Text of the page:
You see, the shine is gone. The shine is gone, the shine is gone, the shine is gone. Man, that's some heavy shit. Anyway, next up is the goofy, but kinda cool 'Robot Man'. 'Oooh, ooooh, he's a robot man." What's cool about this very silly number are the effects that Mr. Dierks uses on the vocals and guitars, very processed for 1975. Lots of panning, phasing, filters o' plenty. Neat stuff. The remainder of the record is a melodic tour de force alternating between sweet down tempo lazy phased picking, and slam in your face chord stomping like so many jack boots on pavement. 'Evening Wind', 'Sun In My Hand', 'Longing for Fire', and 'Night Lights' are examples of Mood Rock, as I like to call it, the songs sound like their titles, and go great with psychedelic drugs. Way beyond their years in terms of production and arrangement, on 'In Trance' the Scorpions not only showed they could play with the big boys, they were the big boys.

Great post Jackson.

I remember my brother playing 'Robot Man' over and over while playing air guitar on his skateboard. You'll have to school me on the U. Roth era Scorp's. I can only remember those records being very weird.
I just clicked through the the Scorps webpage. Much to dig around there, but I gotta say, that "Virgin Killer" cover art is, I don't know how to say it..., a bit much I guess in a very Bobby Fleckmann kinda way. Don't think they'd get away with it nowadays.

I also found the U. Roth tune I hated on that album 'Hellcat'. Just horrible.

Actually, looking at all their sleeve art work it's safe to say that Reiner and Guest got the whole Smell The Glove thing from these guys albums.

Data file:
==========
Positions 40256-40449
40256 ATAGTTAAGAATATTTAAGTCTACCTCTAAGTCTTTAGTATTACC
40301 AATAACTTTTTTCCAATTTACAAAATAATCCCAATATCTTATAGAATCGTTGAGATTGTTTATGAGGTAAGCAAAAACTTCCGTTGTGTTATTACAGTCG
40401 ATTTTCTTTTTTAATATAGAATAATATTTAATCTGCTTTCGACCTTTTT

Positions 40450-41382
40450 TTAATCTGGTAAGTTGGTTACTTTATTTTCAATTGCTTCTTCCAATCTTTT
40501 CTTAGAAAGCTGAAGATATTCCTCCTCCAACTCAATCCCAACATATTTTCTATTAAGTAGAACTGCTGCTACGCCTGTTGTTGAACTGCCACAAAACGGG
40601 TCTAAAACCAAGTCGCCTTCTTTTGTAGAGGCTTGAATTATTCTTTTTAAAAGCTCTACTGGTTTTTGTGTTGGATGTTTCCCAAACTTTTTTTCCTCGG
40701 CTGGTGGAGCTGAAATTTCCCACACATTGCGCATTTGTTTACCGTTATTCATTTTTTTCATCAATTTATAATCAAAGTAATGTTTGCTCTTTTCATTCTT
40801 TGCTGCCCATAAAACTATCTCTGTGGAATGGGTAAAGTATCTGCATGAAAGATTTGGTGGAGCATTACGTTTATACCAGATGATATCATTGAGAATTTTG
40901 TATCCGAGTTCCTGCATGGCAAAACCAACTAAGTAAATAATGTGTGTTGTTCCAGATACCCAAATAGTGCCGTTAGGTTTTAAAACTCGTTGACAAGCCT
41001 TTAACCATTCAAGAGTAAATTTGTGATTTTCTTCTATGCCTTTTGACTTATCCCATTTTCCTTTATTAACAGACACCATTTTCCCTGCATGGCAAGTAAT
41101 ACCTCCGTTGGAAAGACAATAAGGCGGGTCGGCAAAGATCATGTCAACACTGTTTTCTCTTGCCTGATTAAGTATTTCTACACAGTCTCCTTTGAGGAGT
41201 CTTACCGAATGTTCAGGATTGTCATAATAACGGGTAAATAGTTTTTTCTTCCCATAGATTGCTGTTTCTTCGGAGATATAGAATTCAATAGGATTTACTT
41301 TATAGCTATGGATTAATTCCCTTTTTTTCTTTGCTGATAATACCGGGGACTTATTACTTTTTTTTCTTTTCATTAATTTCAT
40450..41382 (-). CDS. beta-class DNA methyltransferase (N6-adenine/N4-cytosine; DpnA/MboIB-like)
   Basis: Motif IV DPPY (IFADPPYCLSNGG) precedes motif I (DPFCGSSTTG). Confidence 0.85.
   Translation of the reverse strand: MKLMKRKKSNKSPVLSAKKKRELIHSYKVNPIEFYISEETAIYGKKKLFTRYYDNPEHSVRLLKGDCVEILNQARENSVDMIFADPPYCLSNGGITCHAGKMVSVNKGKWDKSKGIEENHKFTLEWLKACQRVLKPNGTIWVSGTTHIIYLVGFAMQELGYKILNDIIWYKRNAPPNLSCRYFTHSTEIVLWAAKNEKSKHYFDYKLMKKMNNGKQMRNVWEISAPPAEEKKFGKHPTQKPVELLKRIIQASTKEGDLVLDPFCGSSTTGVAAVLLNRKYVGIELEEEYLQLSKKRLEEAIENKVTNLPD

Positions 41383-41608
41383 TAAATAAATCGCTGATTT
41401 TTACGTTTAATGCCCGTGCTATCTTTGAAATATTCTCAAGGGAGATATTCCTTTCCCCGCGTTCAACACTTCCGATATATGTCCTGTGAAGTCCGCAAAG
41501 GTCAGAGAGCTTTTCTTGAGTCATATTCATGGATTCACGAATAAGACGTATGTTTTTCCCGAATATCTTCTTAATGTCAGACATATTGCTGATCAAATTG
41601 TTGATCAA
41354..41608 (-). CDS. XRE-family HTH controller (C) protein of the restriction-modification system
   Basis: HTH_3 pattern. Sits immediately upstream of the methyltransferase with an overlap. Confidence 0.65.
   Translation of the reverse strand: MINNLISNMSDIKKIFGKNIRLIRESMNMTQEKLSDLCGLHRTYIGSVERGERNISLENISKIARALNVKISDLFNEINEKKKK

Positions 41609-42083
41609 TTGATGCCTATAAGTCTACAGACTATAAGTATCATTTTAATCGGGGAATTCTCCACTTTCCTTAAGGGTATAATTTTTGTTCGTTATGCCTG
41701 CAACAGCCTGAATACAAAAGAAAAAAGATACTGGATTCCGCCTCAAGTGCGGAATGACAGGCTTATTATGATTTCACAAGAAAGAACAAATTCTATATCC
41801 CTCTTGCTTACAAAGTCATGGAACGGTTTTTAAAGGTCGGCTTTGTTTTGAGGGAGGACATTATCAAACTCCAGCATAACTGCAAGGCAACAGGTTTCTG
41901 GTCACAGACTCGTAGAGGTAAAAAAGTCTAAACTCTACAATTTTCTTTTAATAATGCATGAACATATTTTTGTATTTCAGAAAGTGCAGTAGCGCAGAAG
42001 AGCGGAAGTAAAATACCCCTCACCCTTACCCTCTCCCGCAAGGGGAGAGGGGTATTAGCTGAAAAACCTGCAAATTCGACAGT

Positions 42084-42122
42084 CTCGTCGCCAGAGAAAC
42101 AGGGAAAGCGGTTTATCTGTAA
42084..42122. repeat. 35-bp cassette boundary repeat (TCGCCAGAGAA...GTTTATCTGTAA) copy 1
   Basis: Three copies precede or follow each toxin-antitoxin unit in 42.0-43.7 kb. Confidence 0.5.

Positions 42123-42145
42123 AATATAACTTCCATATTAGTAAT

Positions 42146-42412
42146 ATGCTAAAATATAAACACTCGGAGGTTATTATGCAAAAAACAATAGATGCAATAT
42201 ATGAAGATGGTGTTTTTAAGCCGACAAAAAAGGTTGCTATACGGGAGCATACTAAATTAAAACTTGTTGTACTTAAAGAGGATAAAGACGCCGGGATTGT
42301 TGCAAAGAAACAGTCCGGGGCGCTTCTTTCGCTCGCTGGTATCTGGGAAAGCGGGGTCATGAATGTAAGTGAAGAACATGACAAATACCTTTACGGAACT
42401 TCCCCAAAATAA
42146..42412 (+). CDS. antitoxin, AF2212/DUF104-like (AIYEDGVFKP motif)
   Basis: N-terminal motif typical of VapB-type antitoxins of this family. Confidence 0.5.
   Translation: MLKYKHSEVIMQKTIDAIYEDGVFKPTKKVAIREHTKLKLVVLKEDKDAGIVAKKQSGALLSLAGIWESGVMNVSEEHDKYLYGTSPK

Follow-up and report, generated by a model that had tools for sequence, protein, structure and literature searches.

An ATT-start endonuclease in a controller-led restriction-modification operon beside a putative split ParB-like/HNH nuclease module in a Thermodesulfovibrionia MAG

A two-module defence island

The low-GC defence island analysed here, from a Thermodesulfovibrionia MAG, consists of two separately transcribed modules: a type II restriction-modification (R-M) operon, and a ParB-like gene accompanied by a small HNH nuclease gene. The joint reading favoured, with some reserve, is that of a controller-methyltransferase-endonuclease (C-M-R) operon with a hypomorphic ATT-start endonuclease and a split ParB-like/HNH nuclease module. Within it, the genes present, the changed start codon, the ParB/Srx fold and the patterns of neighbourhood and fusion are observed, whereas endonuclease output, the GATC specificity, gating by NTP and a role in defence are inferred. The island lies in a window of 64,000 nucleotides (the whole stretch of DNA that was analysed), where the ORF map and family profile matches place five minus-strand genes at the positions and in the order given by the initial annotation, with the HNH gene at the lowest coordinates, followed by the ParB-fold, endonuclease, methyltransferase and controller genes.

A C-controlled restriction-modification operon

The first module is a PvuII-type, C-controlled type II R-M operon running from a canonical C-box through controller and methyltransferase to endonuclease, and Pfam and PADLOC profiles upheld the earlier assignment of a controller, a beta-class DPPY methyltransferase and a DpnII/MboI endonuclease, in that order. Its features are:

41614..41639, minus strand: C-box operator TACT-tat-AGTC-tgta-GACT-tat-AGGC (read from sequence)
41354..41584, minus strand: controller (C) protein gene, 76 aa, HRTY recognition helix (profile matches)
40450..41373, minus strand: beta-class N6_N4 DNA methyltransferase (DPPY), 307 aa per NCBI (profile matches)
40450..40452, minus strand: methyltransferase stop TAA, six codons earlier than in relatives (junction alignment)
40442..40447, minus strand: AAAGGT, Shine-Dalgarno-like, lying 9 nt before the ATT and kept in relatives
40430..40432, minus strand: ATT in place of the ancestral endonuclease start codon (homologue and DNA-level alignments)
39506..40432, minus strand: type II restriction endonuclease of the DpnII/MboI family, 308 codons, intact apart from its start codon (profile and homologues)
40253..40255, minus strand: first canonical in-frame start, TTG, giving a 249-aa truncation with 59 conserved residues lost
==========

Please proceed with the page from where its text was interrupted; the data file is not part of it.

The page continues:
Still love'em despite all this...
Certainly Spinal Tap got their cover art schtick from these guys, and yes Virgin Killer took it way too far. I used to love Hell Cat until I recently revisited it and saw it as a bad attempt at a 'Foxy Lady' of their own. Great beat, great guitar, horrible vocal (ulrich). Klaus, unfortunately for us and fortunately for himself, steered clear of this track.
Ulrich Roth's bet stuff was in the late 70's early 80's when he was on that tv show where he played the private investigator in Las Vegas. Remember he drove that old 50's corvette and his garage was the living room of his pad. Remeber? Tony Curtis played the gay casino owne???

oh wait, that was Robert Ulrich... never mind.
That's fucking funny...
I do remember the show, and it's funny because both Ulrich, and Bob U. did their best work at the same time. Ulrich looked better in a kimono though.
It was Robert Urich. No "L". It's sad that I know that. He was some kind of minor celebrity before he was a marginal celebrity because he played college football for some big school. I think he was a quarterback or sumpin.
Huh, huh... Jackson said, "My brother's nuggets". Huh, huh...
Have you seen my brother's Nuggets? They are somethin'....it's interesting about my brothers Nuggets. They have gotten smaller over the years. They used to be 12 inches, then they went down to 5, and now, sometimes, you can't even see his Nuggets. I guess it's pretty much the same story for all of us, but I still have my 12 inch days, some days 180 grams too.
It's shrinkage I'm sure...